Cornell pep club: Science Guy & Insult Comic Dog
Bill Nye is ready to rip off his blue lab coat and put on a Big Red shirt. Come Thursday night, The Science Guy will metamorphose into a Cornell Crazy.
Dressed in team colors, he'll watch the Cornell-Kentucky game at an alumni party in Santa Monica, Calif. The mechanical engineering grad, class of '77, is still true to his school. And he's pulling for a team that's true to its Ivy roots.
``This is regular cultural anthropology majors with economics on the side,'' he said. ``It's not these astonishing, clearly superior athletes who just are bigger and stronger and faster and more athletic and can shoot better. It's a real team look to it.''
Certainly it's the most intriguing game at the NCAA tournament. The mighty Wildcats and their monster fan base fronted by Ashley Judd. The little Ivy Leaguers, backed by a curious collection of rooters who often stayed away from the gym in their day.
``You could count on one hand the number of basketball games I attended when I was at Cornell,'' said NHL commissioner Gary Bettman, class of '74. ``The basketball program was in disarray.''
That's how Keith Olbermann remembered it. The MSNBC ``Countdown'' host was the backup public-address announcer at Barton Hall in the late 1970s and ``the crowd was so small and the building so big, they could have hidden the entire U.S. Army in there during most Cornell basketball games,'' he wrote in an e-mail to The Associated Press.
But now, just try to hold back Triumph the Insult Comic Dog. Or rather, the inspiration behind him, ``Saturday Night Live'' wizard Robert Smigel.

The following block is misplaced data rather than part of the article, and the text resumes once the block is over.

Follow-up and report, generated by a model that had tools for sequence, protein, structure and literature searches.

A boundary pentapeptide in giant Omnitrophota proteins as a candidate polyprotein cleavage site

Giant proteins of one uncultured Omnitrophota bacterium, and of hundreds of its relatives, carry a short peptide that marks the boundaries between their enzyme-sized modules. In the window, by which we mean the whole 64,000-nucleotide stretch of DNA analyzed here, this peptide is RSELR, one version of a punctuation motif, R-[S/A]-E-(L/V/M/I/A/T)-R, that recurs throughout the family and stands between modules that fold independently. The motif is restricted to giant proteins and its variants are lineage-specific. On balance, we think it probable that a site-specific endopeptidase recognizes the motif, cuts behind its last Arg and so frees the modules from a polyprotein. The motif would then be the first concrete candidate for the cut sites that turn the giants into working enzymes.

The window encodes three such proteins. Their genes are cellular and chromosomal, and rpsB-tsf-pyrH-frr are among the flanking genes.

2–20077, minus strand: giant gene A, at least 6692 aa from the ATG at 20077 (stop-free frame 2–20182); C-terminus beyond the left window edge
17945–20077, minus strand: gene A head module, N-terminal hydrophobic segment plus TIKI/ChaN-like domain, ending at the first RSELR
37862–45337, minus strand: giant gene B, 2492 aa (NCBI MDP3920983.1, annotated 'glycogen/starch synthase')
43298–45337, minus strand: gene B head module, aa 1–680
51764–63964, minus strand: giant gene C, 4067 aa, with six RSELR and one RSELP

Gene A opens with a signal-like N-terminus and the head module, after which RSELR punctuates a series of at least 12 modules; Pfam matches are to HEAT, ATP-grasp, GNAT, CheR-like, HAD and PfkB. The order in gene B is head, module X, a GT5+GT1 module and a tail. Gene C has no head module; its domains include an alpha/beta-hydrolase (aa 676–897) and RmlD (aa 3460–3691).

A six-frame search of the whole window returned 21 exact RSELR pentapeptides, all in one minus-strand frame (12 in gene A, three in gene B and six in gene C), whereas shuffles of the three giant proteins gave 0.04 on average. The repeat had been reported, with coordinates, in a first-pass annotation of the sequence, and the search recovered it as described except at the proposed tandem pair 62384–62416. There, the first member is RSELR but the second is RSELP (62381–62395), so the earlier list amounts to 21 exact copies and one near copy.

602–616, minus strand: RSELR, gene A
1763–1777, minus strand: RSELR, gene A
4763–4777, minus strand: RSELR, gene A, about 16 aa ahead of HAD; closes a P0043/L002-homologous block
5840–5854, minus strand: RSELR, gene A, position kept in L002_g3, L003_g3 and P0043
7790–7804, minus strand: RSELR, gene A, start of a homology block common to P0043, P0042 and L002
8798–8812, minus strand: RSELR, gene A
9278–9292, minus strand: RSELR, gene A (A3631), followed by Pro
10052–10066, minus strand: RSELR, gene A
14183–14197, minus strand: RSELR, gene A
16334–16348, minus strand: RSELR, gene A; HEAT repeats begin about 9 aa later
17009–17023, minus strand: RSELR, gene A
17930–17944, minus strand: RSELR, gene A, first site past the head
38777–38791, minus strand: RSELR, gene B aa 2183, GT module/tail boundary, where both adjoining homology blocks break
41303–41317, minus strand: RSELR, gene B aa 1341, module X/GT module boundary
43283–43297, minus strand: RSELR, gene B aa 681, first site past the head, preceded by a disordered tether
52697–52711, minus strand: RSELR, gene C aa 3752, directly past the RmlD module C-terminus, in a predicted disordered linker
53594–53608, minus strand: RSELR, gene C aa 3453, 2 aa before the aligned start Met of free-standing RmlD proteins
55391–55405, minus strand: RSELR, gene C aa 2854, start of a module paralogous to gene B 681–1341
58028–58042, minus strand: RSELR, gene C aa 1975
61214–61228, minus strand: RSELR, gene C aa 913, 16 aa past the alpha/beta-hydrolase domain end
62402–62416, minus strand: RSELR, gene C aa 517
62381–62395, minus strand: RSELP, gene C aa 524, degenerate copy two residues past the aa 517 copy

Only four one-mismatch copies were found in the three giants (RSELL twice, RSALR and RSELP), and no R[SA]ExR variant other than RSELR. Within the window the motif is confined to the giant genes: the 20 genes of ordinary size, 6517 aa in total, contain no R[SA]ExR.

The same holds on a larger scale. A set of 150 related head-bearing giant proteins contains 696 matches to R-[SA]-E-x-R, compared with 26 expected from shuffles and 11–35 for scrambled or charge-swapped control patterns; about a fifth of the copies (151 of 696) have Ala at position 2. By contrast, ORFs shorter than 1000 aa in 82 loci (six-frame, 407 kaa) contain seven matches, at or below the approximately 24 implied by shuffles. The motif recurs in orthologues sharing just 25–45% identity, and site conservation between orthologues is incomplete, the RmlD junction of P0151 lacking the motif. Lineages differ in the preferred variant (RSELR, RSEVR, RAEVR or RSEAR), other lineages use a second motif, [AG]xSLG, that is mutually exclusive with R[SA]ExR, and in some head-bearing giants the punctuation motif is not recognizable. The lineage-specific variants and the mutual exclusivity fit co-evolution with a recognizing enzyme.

``Cornell wasn't exactly a hoops haven when I was there,'' Smigel said. ``I played intramural hoops at Cornell and I think we got as much attention as the basketball team. Which is to say no attention.''
The total number of games he attended? Zero. ``But I did see my first Springsteen concert there,'' he said.
Smigel was at the upstate New York school for two years. Raised in Manhattan on the Knicks glory teams of Walt Frazier, Willis Reed and Bill Bradley, he went to the campus in Ithaca to follow the career path of his father, a prominent dentist.
Last weekend, Smigel and his dad watched as Cornell overwhelmed Wisconsin to reach the round of 16 - the Big Red had never won a single game in the tournament until this year.
``I can't believe how well they shot the ball. I'm used to watching the New Jersey Nets,'' he said. ``I'm surprised how excited I am watching them.''
No word on how Supreme Court Justice Ruth Bader Ginsburg views her Cornell v. Kentucky. Bill Maher, Jimmy Smits and Janet Reno are among today's prominent Big Red alumni. The athletic history? Ed Marinaro, the 1971 Heisman Trophy runner-up turned actor, and NHL Hall of Famer Ken Dryden top the list.
In fact, until Cornell got good in recent years, some students would get basketball tickets at Newman Arena solely because they could then sneak across a corridor into Lynah Rink to watch the ultra-popular hockey team.
To Bettman, the guys on ice were the coolest.
``It was all hockey at the time there, and so was I,'' he said in an e-mail. ``That said, the Big Red connections remain. My wife and children all went to - or now attend - Cornell, so there is a strong family rooting interest.''
``I watched Sunday's game at a sports bar with more than 100 fellow Cornellians, including my son, my son-in-law and two friends from college. My two friends and I were the oldest people in the room by 30 years or more, but we didn't care.''
Olbermann, class of '79, is caught up in the fever.
``It is nice to show people that 'student-athlete' is not an oxymoron,'' he wrote. ``And it is hilariously, giddyingly empowering to know Cornell owns this tournament, at least until Thursday night.''
Adds Nye, the Science Guy: ``Just to get this far is pretty great. But I've got to say, the way they're playing, I like our chances.''
AP Sports Writers Rachel Cohen and Ronald Blum contributed to this report.